N % N % N %
Gender 384 92,8% 30 7,2% 414 100,0% 0,071
Female 75 88,2% 10 11,8% 85 100,0% 2,06
Male 309 93,9% 20 6,1% 329 100,0% 1,00
Vascular Invasion 381 92,7% 30 7,3% 411 100,0% <0,001
No 290 96,0% 12 4,0% 302 100,0% 1,00
Yes 91 83,5% 18 16,5% 109 100,0% 4,78
Criteria (imaging) 384 92,8% 30 7,2% 414 100,0% 0,107a
Downstaging 24 82,8% 5 17,2% 29 100,0% 2,98
MC 329 93,5% 23 6,5% 352 100,0% 1,00
MBC 31 93,9% 2 6,1% 33 100,0% 0,92
Criteria (pathology) 384 92,8% 30 7,2% 414 100,0% 0,139a
Out of criteria 40 85,1% 7 14,9% 47 100,0% 2,53
MC 303 93,5% 21 6,5% 324 100,0% 1,00
MBC 41 95,3% 2 4,7% 43 100,0% 0,70

p=descriptive level of chi-square test or Fisher's exact testa

There were significant differences in the variables: larger nodule size (p=0.005), number of nodules <2 cm (p=0.026), number of nodes >2 cm (p=0.028) and size of the largest nodule (p=0.001) in relation to recurrence rate. Thus, on average, patients with recurrences had higher values in these variables than those without recurrence. Moreover, the average number of lower nodes 2 cm was lower than in-group of patients with recurrence in the patients without recurrence (Table 8).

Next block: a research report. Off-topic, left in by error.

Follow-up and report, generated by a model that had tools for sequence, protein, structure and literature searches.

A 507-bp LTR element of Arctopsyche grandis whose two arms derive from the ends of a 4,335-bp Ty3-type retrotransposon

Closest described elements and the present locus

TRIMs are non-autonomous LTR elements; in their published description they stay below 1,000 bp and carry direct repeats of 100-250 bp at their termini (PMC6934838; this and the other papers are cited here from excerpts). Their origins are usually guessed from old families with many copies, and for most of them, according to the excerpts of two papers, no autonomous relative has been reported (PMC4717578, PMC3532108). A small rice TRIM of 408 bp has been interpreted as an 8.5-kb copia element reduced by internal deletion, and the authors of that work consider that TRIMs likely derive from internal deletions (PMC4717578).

TABLE 8 Summary of variable by recurrence occurrence 

HCC Recurrence Mean SD n p
Age (years) 56,39 8,72 414 0,052
No 56,16 8,84 384
Yes 59,37 6,40 30
Real MELD 12,64 5,75 414 0,448
No 12,56 5,60 384
Yes 13,63 7,47 30
Number of nodule >2 cm (imaging) 1,13 0,40 332 0,487a
No 1,12 0,39 306
Yes 1,19 0,49 26
Size of larger nodule* (imaging) 27,91 9,39 379 0,005a
No 27,60 9,47 353
Yes 32,04 7,19 26
Number of nodule <2 cm (imaging) 0,63 0,97 413 0,026
No 0,65 0,99 383
Yes 0,37 0,61 30
Nodule, total number (imaging) 1,69 1,03 331 0,784a
No 1,69 1,05 305
Yes 1,62 0,75 26
Number of nodule >2 cm (pathology) 1,00 0,77 414 0,028
No 0,98 0,77 384
Yes 1,30 0,70 30
Size of larger nodule* (pathology) 28,13 13,71 413 0,001
No 27,53 13,22 383
Yes 35,83 17,29 30
Number of nodule <2 cm (pathology) 1,17 1,53 413 0,324
No 1,19 1,55 384
Yes 0,90 1,32 29
Nodule, total number (pathology) 2,17 1,66 413 0,992
No 2,17 1,69 384
Yes 2,17 1,34 29

*=measured in millimeters; p=descriptive level of the Student t test or Mann-Whitney

DISCUSSION